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editorial

As rumors swirl, O’Malley’s skills match church’s needs

Cardinal Sean Patrick O'Malley was photographed in Rome on Tuesday.

Riccardo De Luca/Associated Press

Cardinal Sean Patrick O'Malley was photographed in Rome on Tuesday.

The process to select a successor to Pope Benedict XVI is beginning amid yet another clergy sex scandal, this one involving the cardinal who, until last month, headed the Catholic Church in Scotland. The precise dimensions of the allegations directed at Cardinal Keith O’Brien, who has acknowledged engaging in inappropriate behavior, aren’t fully known. But the case underscores that the next pope will inherit a church leadership that is suffering from a crisis of confidence, has become alienated from many followers in Europe and the United States, and is looking for a deeper connection with the predominantly Catholic societies of Latin America.

In recent weeks, some prominent Catholics have mentioned the name of Cardinal Sean O’Malley of Boston as a possible successor to Benedict. O’Malley is assumed to be a long-shot candidate. Nevertheless, the speculation is a tribute to O’Malley’s work in restoring order to the Archdiocese of Boston after the revelation, a decade ago, of its efforts to cover up clergy sex abuse. O’Malley, a Capuchin friar, has a calm, pastoral manner that helped soothe the bitter feelings left by his more forceful predecessor, Bernard Law. O’Malley’s work in re-examining the archdiocese’s procedures for handling allegations against the clergy was recognized by Benedict when he chose the Boston cardinal for the politically sensitive task of examining the Archdiocese of Dublin in the wake of similar allegations there.

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Moreover, O’Malley is fluent in Spanish and has long performed outreach to Hispanic Catholics in the United States and Latin America. He even holds a doctorate from the Catholic University of America in Spanish and Portuguese literature.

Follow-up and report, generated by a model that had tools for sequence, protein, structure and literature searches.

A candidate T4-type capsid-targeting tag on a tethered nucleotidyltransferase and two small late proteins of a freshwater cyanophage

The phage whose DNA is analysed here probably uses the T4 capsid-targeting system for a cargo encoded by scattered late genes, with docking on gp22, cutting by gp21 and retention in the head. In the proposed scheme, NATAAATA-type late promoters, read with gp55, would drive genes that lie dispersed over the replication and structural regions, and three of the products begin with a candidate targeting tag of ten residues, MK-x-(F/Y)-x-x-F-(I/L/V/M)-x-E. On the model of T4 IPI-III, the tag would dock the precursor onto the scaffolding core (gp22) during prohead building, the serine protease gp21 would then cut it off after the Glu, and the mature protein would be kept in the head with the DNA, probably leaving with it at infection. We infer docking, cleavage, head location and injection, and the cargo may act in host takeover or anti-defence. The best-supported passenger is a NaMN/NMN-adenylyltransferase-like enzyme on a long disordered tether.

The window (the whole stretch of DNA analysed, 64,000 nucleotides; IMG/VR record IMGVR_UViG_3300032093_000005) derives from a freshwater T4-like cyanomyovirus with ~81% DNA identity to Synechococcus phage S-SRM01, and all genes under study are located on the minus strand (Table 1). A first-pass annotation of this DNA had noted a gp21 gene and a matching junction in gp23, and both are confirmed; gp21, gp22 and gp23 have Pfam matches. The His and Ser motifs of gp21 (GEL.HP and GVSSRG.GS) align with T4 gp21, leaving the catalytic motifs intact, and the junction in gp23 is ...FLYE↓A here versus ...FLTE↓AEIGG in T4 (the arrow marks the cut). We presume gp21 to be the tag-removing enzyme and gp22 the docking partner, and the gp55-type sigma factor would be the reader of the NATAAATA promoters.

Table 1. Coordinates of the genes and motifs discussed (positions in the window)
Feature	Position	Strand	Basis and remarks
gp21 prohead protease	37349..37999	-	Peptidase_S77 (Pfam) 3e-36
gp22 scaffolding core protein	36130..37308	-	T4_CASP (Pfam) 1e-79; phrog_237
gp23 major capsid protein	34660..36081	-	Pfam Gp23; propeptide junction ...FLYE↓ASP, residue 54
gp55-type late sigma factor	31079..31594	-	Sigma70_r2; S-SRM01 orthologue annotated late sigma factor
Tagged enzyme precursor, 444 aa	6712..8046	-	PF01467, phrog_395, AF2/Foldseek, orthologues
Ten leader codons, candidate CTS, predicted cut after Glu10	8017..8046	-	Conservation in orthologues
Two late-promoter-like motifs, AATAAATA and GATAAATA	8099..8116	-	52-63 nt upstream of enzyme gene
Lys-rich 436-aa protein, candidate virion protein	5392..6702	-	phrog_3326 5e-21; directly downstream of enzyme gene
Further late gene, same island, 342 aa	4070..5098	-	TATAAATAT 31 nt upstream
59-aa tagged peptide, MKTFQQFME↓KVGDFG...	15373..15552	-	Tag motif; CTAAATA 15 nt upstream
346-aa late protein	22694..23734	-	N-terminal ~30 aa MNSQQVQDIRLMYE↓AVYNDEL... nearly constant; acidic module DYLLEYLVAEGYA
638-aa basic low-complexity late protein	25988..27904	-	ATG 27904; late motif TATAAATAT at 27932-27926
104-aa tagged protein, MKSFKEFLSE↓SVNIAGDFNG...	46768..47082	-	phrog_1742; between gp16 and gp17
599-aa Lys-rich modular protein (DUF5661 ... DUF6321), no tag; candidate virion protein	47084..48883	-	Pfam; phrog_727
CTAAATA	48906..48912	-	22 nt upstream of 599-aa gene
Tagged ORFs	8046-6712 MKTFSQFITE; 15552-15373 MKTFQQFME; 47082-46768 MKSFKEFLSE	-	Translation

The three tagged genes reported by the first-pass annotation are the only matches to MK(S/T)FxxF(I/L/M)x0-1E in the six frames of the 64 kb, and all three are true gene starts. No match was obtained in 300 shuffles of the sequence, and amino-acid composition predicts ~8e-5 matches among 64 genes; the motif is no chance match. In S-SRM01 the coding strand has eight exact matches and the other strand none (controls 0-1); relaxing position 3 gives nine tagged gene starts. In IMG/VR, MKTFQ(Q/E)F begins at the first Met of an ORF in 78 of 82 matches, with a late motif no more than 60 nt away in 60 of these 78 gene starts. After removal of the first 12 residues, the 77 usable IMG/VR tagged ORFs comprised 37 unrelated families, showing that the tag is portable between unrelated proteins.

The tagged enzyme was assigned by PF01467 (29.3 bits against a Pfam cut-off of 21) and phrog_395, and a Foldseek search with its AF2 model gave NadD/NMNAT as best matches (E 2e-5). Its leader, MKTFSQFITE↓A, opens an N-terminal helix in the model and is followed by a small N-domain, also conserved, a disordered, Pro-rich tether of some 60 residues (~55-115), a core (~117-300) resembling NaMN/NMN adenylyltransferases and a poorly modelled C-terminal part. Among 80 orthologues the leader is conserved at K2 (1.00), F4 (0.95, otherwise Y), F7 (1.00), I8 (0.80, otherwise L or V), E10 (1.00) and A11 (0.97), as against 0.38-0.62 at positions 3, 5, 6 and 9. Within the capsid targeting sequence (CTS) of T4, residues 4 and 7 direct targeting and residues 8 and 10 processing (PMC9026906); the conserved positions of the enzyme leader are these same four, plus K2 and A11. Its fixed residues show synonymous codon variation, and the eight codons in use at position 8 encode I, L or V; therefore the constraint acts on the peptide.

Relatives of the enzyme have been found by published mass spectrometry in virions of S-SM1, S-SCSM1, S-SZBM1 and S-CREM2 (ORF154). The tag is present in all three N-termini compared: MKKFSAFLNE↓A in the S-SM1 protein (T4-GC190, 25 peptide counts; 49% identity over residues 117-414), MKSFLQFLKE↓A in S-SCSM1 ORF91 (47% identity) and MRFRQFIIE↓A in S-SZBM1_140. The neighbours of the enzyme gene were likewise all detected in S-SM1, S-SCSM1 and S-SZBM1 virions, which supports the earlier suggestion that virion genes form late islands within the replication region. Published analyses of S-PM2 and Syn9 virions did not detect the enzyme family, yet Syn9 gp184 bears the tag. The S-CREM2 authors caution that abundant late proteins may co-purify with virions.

The 68-year-old O’Malley seems almost embarrassed by the discussion of him as a possible pope, telling reporters in Boston that he “bought a round-trip ticket” to Rome. Arriving at the Vatican for pre-conclave meetings, O’Malley told the National Catholic Reporter that the speculation about him as a potential pope is “surreal.” In the end, the 115 cardinals who are eligible to vote will determine whether O’Malley is a serious contender.

Whatever happens at the conclave, the focus on O’Malley is based on a realistic assessment of the church’s needs. The next pope needs to be able to reach out effectively to Catholics from emerging nations while rebuilding a sense of trust between the Vatican and its European and American followers. After Benedict, a pope who saw himself largely as an enforcer of traditional church teachings, the church’s next leader should be more aware of the need for outreach and understanding between the clergy and laity. It’s a task that appears to suit O’Malley, and he is justified in approaching the conclave with a mixture of humility and trepidation.

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